Atenolol .5 - 4 mg/kg
  • Active Comparator: 1
    Atenolol
    Intervention: Drug: Atenolol
  • Active Comparator: 2
    Losartan
    Intervention: Drug: Losartan Potassium
Lacro RV, Guey LT, Dietz HC, Pearson GD, Yetman AT, Gelb BD, Loeys BL, Benson DW, Bradley TJ, De Backer J, Forbus GA, Klein GL, Lai WW, Levine JC, Lewin MB, Markham LW, Paridon SM, Pierpont ME, Radojewski E, Selamet Tierney ES, Sharkey AM, Wechsler SB, Mahony L; Pediatric Heart Network Investigators. Characteristics of children and young adults with Marfan syndrome and aortic root dilation in a randomized trial comparing atenolol and losartan therapy. Am Heart J. 2013 May;165(5):828-835.e3. doi: 10.1016/j.ahj.2013.02.019. Epub 2013 Mar 26.

*   Includes publications given by the data provider as well as publications identified by ClinicalTrials.gov Identifier (NCT Number) in Medline.
 
Completed
604
February 2014
February 2014   (final data collection date for primary outcome measure)

Inclusion Criteria:

  • Diagnosis of Marfan syndrome, according to Ghent criteria (more information can be found in Appendix D of the protocol)
  • Aortic root Z-score greater than 3.0

Exclusion Criteria:

  • Prior aortic surgery
  • Aortic root dimension at the sinuses of Valsalva greater than 5 cm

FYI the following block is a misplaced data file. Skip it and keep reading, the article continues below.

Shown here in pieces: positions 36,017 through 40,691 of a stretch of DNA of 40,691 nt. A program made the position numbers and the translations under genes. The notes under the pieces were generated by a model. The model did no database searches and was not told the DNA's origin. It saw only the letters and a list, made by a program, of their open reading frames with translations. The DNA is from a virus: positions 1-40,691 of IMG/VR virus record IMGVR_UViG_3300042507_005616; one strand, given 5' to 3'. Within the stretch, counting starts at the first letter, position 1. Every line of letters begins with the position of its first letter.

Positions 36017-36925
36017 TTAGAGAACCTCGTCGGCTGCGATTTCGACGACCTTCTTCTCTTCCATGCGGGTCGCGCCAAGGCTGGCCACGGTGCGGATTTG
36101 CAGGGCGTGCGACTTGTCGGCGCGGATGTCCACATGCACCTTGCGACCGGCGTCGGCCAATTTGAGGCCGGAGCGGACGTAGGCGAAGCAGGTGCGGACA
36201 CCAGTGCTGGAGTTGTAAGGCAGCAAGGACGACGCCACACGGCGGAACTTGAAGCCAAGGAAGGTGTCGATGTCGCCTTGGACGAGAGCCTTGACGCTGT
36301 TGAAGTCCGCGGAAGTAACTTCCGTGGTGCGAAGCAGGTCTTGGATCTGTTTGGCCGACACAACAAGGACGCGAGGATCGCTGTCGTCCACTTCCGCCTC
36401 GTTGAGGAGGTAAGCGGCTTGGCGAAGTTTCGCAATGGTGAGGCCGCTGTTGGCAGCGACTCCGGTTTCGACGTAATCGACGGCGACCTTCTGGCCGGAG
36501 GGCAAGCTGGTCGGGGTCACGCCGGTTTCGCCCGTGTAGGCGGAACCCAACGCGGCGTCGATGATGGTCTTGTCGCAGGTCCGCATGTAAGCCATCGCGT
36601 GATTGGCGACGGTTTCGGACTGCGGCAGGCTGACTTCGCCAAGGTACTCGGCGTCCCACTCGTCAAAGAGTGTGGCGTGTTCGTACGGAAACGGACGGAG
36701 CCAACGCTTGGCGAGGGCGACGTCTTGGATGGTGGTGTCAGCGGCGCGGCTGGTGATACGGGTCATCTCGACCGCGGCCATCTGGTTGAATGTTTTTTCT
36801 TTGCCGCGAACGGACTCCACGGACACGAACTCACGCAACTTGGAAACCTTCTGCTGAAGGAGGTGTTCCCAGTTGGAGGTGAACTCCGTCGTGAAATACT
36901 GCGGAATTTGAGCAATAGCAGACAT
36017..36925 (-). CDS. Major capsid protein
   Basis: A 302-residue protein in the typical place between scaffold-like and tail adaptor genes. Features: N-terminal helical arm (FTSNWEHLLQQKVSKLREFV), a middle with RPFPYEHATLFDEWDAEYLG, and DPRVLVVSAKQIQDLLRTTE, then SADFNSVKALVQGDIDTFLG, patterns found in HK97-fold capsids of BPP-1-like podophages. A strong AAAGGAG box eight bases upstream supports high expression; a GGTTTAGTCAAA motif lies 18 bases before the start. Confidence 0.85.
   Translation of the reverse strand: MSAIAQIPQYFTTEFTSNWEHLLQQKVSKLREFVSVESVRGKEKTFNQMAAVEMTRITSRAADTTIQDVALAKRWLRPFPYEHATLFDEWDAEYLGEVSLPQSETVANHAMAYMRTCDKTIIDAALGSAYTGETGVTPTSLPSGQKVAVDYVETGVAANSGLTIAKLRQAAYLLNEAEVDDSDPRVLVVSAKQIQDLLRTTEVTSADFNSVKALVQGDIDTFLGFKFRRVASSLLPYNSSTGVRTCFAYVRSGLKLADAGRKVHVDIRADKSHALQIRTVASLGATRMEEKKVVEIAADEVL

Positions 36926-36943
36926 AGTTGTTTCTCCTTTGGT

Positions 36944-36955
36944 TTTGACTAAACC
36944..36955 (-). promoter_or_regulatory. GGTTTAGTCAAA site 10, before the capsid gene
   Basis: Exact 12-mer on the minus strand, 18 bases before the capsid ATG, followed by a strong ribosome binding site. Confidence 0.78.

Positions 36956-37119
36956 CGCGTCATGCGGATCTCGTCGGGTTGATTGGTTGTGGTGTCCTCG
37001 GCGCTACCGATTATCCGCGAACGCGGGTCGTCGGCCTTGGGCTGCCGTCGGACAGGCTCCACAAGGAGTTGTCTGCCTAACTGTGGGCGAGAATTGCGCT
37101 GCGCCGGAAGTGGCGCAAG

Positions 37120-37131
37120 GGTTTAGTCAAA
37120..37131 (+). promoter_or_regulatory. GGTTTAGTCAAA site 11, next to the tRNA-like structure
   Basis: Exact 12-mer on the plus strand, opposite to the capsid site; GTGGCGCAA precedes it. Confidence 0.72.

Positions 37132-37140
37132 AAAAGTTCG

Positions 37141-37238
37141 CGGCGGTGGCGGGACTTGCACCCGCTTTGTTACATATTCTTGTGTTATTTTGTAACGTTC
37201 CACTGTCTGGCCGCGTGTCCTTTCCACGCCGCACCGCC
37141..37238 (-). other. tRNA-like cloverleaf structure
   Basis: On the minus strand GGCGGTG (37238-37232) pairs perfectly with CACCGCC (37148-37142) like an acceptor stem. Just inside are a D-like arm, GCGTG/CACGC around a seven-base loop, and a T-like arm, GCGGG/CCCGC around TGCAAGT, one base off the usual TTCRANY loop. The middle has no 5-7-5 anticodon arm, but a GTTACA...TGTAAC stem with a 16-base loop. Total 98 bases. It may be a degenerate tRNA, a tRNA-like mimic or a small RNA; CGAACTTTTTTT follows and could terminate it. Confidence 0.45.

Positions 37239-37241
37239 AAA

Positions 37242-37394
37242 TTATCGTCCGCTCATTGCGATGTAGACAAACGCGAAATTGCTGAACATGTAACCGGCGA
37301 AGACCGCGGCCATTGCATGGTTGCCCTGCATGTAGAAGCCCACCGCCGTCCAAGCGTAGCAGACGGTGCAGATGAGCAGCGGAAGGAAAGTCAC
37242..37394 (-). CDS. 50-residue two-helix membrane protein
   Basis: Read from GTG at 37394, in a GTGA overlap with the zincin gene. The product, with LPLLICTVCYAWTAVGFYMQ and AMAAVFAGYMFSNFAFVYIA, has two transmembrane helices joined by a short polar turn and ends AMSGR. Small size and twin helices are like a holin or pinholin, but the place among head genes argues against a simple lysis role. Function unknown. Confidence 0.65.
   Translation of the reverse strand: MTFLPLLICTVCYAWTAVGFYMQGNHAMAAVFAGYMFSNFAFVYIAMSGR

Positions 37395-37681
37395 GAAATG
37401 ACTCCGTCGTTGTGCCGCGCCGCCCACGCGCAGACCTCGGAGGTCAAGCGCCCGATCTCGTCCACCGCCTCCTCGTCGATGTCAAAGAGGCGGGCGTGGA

• Planned aortic surgery within 6 months of study entry
  • Aortic dissection
  • Shprintzen-Goldberg syndrome
  • Loeys-Dietz syndrome
  • Therapeutic (i.e., for arrhythmia, ventricular dysfunction, or valve regurgitation) rather than prophylactic use of angiotensin-converting enzyme (ACE) inhibitor, beta-blocker, or calcium channel blocker
  • History of angioedema while taking an ACE inhibitor or beta-blocker
  • Intolerance to losartan or other angiotensin II receptor blocker (ARB) that resulted in termination of therapy
  • Intolerance to atenolol or other beta-blocker that resulted in termination of therapy
  • Kidney dysfunction (i.e., creatinine greater than the upper limit of age-related normal values)
  • Asthma of sufficient severity to prohibit the use of a beta-blocker
  • Chronic use of steroids and/or beta-adrenergic agents with exacerbations of asthma that are frequent (averaging three or more per year) or severe (requiring hospitalization)
  • Diabetes mellitus
  • Pregnant or planning to become pregnant within 36 months of study entry
  • Inability to complete study procedures, including history of poor acoustic windows (i.e., inability to obtain accurate measurement of aortic root)
Both
6 Months to 25 Years
No
Contact information is only displayed when the study is recruiting subjects
United States,   Belgium,   Canada
 
NCT00429364
461, U01HL068270, U01 HL68270
Yes
New England Research Institutes
New England Research Institutes
  • National Heart, Lung, and Blood Institute (NHLBI)
  • FDA Office of Orphan Products Development
  • National Marfan Foundation
Principal Investigator: Ron Lacro, MD Children's Hospital Boston
New England Research Institutes
January 2014

ICMJE     Data element required by the International Committee of Medical Journal Editors and the World Health Organization ICTRP